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Getting Transparency on Low-Financial-Value Programs

Protecting higher education students and taxpayers is the first step of many.

The U.S. Department of Education awards more than $120 billion a year in grants, work-study funds, and low-interest loans to approximately 13 million students across the country. Many of those students get a quality education and a valuable credential — but some do not. Far too many students fall victim to predatory schools, which convince students to hand over their federal student aid money and then leave them worse off than before they had enrolled — in debt and with no worthwhile credential. Others attend schools that charge exorbitant tuition but provide very little return on investment to students. Postgraduate incomes from these programs are too small to effectively cover the debt incurred for the degree. Either way, students and taxpayers lose. 

Last year, the Department and the Biden Administration attempted to remediate this situation through billions of dollars of targeted loan forgiveness for defrauded students at DeVry University, ITT Technical Institute, and other schools. In these cases, the schools had already taken students’ aid dollars, often leaving these students in perilous financial straits. Making these students whole is a critical step, but it is not enough: We need front-end solutions that minimize the federal aid dollars flowing to these low-value schools and programs in the first place.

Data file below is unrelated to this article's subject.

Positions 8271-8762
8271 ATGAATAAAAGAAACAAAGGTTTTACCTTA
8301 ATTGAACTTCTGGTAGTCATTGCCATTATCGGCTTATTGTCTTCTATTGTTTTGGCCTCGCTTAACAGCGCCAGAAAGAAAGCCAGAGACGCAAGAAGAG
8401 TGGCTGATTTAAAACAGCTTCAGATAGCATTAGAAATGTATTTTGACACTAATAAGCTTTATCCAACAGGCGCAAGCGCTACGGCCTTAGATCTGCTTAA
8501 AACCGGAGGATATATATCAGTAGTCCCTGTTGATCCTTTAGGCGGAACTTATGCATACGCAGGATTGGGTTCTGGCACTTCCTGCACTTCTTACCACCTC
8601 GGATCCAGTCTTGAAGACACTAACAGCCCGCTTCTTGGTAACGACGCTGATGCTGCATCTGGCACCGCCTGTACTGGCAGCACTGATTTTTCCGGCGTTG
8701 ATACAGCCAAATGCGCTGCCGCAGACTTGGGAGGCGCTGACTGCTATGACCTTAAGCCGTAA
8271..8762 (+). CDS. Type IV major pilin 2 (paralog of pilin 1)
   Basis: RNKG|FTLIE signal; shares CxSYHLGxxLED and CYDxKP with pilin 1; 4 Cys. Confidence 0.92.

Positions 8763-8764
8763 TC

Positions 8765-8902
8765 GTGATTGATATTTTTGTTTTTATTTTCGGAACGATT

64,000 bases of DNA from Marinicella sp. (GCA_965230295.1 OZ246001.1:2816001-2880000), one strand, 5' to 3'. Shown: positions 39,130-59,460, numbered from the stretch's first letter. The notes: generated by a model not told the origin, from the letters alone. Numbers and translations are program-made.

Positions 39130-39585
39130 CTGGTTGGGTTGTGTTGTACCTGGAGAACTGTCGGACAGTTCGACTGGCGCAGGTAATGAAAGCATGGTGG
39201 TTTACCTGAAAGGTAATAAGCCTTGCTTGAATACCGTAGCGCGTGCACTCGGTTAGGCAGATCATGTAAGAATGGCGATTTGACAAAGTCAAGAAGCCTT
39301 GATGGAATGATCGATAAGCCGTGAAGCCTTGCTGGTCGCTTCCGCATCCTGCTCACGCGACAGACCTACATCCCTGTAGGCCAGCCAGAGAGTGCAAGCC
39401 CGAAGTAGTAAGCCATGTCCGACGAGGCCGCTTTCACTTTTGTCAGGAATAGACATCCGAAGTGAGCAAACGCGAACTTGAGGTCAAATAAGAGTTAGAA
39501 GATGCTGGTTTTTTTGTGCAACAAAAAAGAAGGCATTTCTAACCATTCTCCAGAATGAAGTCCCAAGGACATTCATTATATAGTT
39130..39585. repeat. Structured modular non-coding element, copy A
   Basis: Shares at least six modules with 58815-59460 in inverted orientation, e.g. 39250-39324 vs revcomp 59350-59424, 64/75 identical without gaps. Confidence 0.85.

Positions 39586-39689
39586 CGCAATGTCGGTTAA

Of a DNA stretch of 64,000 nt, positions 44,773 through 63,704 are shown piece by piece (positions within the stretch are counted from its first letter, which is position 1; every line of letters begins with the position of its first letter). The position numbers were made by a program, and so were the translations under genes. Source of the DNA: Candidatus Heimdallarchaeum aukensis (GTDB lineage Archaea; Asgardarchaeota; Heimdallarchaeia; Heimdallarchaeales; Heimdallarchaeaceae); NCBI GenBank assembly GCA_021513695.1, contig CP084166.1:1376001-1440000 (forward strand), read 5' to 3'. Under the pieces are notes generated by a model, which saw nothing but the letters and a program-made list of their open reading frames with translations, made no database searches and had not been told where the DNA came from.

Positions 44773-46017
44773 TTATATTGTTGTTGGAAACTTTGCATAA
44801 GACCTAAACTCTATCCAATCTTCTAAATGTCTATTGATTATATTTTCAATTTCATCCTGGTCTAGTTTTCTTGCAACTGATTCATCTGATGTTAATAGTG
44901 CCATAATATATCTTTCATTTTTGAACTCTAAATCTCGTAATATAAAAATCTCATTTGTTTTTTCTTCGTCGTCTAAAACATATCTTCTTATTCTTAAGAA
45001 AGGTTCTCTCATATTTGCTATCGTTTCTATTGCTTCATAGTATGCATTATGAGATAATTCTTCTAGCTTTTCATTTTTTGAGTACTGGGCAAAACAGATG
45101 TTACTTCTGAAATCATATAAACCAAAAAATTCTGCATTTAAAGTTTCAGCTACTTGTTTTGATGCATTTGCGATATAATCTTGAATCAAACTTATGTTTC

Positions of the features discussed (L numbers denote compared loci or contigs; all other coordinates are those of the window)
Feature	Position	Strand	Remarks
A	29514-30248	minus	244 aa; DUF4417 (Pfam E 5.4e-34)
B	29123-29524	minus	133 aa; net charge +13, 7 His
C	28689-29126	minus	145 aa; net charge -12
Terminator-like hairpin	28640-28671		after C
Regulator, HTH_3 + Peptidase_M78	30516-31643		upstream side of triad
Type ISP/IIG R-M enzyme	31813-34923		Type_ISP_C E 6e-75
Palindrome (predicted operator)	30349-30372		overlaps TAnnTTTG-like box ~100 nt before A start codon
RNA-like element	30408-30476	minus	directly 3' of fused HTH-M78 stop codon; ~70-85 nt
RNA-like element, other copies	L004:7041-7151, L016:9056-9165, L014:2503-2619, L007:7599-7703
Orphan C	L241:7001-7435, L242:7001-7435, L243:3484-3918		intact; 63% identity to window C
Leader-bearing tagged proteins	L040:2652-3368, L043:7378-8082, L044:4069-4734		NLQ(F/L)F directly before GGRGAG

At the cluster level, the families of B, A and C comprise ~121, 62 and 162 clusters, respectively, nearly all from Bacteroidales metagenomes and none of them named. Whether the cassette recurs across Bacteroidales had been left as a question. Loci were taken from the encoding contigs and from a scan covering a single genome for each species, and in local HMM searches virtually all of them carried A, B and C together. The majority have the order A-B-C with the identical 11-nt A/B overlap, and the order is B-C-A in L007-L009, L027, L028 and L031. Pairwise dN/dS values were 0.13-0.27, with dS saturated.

As a first step, the Department has asked the higher education community for input on how it could identify low-financial-value programs and increase transparency to the public about them. Arnold Ventures has long supported quality and accountability in higher education, and the team submitted formal comments, summarized below. 

One of the best ways to identify low-financial-value programs is to assess whether: 

  • Graduates can afford to repay their loans 
  • Graduates are earning more than they would have without attending college 

These metrics reflect how much money students earn post-graduation, especially relative to their debt, a good test of whether a program or school is providing enough value. The Department should collect data to support the use of these metrics and use them to develop a public watch list for students and families. 

However, a watch list is merely the first step. The Department must continue to strengthen and implement gainful employment regulations to provide accountability for low-financial-value schools without delay. And Congress must establish a meaningful quality assurance system for all schools and programs to ensure a strong return on investment for both students and taxpayers in higher education. 

Read our formal comments here